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Anonymous Anonymous said...

Wow - now that was a good spin job. After years of the Dems railing on Reps to do something about health care, you would think that the dems would be further along in the process. Does a party have to be in a legislative majority to work on a solution?

If the Reps did nothing, but started their plan on health care today, the same as the Dems are doing, you would screaming from high heaven that they have shown no results. If the Dems had more than political/election rhetoric to offer, we would have seen at least one plan ready to go. You certainly do not need the majority to introduce a bill. Other than the ridiculous "bill to have a bill" the Dems have introduced nothing substantive over the last few sessions.

By starting the process now - they are freely admitting that up until now they had nothing. And until they have a plan ready to actually be presented - they still have nothing.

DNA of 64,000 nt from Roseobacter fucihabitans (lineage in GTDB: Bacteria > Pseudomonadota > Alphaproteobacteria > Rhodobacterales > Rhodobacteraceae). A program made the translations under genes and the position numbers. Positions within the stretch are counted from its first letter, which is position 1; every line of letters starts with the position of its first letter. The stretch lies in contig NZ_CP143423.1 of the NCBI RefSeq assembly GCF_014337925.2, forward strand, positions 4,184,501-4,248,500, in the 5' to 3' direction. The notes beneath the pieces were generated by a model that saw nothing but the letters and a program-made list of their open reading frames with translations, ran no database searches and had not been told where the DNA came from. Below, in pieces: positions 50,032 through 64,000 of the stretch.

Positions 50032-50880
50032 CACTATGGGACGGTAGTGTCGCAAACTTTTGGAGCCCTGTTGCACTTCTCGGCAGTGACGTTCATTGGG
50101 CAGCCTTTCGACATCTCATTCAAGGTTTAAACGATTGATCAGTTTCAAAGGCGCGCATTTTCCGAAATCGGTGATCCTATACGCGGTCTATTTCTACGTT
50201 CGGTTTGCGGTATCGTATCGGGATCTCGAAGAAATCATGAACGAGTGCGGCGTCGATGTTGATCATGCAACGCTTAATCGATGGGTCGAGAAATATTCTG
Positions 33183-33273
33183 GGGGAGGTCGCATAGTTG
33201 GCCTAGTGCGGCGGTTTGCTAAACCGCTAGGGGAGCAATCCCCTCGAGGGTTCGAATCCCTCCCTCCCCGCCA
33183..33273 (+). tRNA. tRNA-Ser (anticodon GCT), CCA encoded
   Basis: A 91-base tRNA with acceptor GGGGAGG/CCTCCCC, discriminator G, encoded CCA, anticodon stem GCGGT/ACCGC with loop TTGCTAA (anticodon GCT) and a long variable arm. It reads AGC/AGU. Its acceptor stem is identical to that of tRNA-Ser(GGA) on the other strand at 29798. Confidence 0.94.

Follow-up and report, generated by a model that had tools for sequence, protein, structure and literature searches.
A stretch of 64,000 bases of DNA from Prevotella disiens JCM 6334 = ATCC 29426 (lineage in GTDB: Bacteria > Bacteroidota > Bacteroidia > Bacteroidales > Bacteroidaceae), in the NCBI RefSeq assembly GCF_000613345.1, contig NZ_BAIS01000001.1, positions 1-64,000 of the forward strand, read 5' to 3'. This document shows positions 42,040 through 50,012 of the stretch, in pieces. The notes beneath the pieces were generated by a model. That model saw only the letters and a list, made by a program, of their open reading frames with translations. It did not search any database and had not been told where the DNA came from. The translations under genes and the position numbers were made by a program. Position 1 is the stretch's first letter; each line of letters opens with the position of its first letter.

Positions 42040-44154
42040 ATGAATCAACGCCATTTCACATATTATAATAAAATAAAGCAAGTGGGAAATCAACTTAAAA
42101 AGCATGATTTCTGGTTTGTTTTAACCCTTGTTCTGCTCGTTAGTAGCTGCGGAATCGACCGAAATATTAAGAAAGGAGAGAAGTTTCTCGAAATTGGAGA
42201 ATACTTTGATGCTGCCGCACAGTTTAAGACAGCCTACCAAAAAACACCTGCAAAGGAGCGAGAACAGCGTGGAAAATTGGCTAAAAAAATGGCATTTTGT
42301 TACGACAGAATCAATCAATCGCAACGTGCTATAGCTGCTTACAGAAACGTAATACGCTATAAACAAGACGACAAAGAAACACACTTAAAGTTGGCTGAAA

So what is the timeline for their proposal? At what point must those so skilled at pointing out other's supposed shortcomings actually produce a workable plan?

As we have heard for years - the people are demanding action! There are children without health care! Peopla are suffering!

Have all of these conditions suddenly gone away?

February 28, 2007  
Blogger Russ said...

The problem with health care is, unlike other consumer services, the customer does drive the price. Free market competitive forces are almost non existant. The ONLY way health care costs can be controlled is put the consumer in charge and give him or her the incentive to "shop" for price and value.
Without consumers forcing providers to compete for their business we are left with bureaucrats setting prices and rationing care when funds are tight. That's what Canada does and that's England does. They ration health care to control costs. Americans are not going to like rationing, guaranteed.